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The Hopi Snake Dance has attracted many chroniclers, some of whom have been more careful and observant than others.
To view a short film of a Hopi Snake Dance filmed in 1913, visit: yV7lM
The book's elegant title has always been confusing because the three ambitious essays that follow--"Indians and Entertainment," "The Dance of the Sprouting Corn," "The Hopi Snake Dance"--are about native American ceremonial dances in New Mexico.
Hyde's "supplementary note" describes the three-page essay as "an early version of 'The Hopi Snake Dance'"--which is sixteen pages long--but also acknowledges that "Just Back from the Snake Dance" is indeed "an independent creation." I believe that it's more accurate to characterize "Just Back from the Snake Dance" as an earlier, quite different response to thesnake dance rather than an earlier version of "The Hopi Snake Dance." As such, the essay should not be relegated to Appendix status.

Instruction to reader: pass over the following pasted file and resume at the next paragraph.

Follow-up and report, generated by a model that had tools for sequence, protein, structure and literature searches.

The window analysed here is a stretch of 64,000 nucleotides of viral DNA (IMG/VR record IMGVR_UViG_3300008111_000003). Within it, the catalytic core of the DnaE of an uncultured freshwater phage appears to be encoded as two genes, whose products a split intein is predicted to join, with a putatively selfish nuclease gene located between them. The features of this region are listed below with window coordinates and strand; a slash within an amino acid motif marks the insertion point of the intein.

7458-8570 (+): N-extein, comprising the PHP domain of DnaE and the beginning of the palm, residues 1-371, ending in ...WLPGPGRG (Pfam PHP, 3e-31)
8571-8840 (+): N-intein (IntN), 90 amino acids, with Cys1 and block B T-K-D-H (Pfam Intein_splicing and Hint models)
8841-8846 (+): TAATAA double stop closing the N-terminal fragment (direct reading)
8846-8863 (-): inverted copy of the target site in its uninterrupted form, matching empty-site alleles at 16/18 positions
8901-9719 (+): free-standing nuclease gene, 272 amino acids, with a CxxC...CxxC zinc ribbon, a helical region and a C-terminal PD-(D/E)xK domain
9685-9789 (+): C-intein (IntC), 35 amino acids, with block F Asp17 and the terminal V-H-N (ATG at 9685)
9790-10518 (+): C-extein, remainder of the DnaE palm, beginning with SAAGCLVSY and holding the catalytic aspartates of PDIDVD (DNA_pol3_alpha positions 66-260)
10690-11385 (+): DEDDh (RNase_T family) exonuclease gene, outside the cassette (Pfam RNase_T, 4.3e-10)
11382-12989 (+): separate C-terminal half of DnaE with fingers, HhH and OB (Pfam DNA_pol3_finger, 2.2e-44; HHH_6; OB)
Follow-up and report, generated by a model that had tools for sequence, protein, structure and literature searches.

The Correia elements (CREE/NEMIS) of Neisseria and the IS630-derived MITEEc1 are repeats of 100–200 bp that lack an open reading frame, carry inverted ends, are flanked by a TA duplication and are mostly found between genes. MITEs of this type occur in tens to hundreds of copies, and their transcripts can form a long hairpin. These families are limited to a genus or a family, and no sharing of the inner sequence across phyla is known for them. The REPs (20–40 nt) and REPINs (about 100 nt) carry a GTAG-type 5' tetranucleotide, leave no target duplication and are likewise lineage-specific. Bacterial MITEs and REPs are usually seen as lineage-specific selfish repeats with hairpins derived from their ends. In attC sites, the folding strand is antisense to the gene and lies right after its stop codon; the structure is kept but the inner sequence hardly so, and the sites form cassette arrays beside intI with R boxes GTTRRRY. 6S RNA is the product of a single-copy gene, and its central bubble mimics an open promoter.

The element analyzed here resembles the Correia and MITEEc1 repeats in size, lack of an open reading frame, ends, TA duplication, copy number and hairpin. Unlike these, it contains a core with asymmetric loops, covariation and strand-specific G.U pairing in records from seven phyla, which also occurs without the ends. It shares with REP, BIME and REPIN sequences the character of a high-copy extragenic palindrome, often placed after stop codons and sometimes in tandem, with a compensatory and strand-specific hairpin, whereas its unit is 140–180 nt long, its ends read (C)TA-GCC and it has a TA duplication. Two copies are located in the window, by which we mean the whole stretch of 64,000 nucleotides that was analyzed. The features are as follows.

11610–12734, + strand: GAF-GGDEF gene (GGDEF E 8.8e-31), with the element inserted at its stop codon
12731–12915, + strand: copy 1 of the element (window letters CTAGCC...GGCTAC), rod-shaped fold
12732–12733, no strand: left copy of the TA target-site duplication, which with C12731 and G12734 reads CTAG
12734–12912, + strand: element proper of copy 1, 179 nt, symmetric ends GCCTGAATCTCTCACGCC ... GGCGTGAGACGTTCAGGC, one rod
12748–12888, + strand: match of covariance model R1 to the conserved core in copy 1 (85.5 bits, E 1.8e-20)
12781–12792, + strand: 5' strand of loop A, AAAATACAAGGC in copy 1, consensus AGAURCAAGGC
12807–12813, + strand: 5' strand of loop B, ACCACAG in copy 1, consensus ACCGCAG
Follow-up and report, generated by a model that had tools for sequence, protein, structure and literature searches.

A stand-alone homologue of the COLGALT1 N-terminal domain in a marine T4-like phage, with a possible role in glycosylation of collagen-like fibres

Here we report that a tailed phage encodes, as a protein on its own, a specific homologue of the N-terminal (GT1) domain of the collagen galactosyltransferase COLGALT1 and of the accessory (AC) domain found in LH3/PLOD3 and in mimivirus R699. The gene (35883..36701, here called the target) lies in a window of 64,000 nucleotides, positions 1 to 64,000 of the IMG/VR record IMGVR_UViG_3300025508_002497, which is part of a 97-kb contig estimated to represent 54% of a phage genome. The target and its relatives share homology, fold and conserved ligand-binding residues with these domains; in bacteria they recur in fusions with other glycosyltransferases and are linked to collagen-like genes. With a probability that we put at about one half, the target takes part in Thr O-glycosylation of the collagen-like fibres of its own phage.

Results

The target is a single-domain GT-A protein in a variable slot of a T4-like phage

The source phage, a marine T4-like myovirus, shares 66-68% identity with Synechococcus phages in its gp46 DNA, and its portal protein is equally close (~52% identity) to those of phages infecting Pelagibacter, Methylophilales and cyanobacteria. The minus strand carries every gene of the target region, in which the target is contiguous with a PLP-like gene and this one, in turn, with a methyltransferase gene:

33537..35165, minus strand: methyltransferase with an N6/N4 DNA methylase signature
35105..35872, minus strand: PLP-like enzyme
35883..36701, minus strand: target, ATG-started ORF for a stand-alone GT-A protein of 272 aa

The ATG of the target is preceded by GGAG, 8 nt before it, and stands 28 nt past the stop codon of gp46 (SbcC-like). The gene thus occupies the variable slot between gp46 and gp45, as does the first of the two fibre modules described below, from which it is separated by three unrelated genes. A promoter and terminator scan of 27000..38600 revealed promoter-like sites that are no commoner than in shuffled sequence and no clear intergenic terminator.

I went to that area as well, in the '60s, and my experiences there have stayed in the back of my mind all these years--seeing the Hopi snake dance profoundly affected me--though I've never referred to them directly in my work.
First is the Hopi Snake Dance, an intensely sacred ritual that Whites originally dubbed "hideous" and "weird," and then flocked to by the thousands to witness.
A Hopi Snake Dance exhibit at Denver's Museum of Natural History